# Graph Search and Traversal Algorithms

## Introduction

Graph is a common data structure that represents the relationships between different entities using edges and vertices. In practice, a graph can be extremely large, and there is a need to traverse or search the graph along the edges. Breadth-first search and depth-first search algorithms are the most commonly used traverse and search algorithm for graphs. In this blog post, I would like to discuss the implementations of directed and undirected graphs, breath-first and depth-first search algorithms.

## Graph Search and Traversal

Graph search and traversal are fundamentally the same. We will use the terms, search and traversal, interchangeably.

### Graph Representation and Implementation

Graph is commonly represented using adjacency matrix or adjacency list. Adjacency matrix is not favored for large graphs because usually the edges in large graphs are sparse. Adjacency list uses the least amount of the memory, but querying the specified neighbor of a node can be inefficient in a graph whose edges are dense. So we uses adjacency set instead which is fast for query and not too bad for memory.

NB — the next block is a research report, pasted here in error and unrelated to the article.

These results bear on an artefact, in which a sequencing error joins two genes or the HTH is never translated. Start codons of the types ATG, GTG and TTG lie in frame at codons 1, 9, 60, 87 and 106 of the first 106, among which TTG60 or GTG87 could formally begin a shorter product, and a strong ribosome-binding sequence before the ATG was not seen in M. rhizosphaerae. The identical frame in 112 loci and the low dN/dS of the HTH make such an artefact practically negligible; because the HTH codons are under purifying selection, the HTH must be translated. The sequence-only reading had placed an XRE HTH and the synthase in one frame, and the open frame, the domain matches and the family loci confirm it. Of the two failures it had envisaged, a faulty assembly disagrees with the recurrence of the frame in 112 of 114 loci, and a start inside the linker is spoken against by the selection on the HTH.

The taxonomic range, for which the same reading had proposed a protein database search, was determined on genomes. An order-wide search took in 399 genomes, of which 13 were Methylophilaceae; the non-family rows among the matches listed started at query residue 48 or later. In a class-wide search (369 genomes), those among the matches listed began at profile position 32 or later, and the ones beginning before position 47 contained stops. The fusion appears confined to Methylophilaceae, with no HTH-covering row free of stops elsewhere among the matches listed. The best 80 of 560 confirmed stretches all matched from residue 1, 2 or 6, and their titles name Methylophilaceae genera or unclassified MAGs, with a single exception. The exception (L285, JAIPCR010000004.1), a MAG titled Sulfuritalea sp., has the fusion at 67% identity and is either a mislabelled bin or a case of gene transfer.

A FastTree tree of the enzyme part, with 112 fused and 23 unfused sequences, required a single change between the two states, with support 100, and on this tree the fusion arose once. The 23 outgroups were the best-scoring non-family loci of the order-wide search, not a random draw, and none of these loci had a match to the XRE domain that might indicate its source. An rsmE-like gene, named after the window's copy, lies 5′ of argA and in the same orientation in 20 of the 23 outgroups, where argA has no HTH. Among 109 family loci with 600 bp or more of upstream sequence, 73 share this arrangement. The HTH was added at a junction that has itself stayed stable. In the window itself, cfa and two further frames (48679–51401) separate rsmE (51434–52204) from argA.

Graph can be directed and undirected. There could also be isolated vertices in the graph that have no edges. There could also be vertices that connects with themselves. These graph features should not be ignored and have to be implemented accordingly.

The breadth-first search algorithm explores all the nodes at the current level before it explores the next level. To achieve this, it uses a first-in-first-out (FIFO) queue.

### Depth-First Search (DFS)

The depth-first search algorithm explores as far as possible along each branch before backtracking. It can be implemented recursively or iteratively. The recursive algorithm naturally explores the depth first but is not favored for large graphs because of stack overflow. The iterative algorithm uses a last-in-first-out (LIFO) stack to explore the depth first.

### Example

We created a dummy directed graph and a dummy undirected graph to test our search algorithms.

The expected outputs from the terminal are

Note that the iterative and recursive depth-first search algorithms do not necessarily result in the same traversal order.

### Source Code

All the source code could be found on GitHub Gist.

## Miscellaneous

Many search and traversal applications in practice are implemented using modified breath-first and depth-first search algorithms.

Lei Mao

07-13-2021

07-13-2021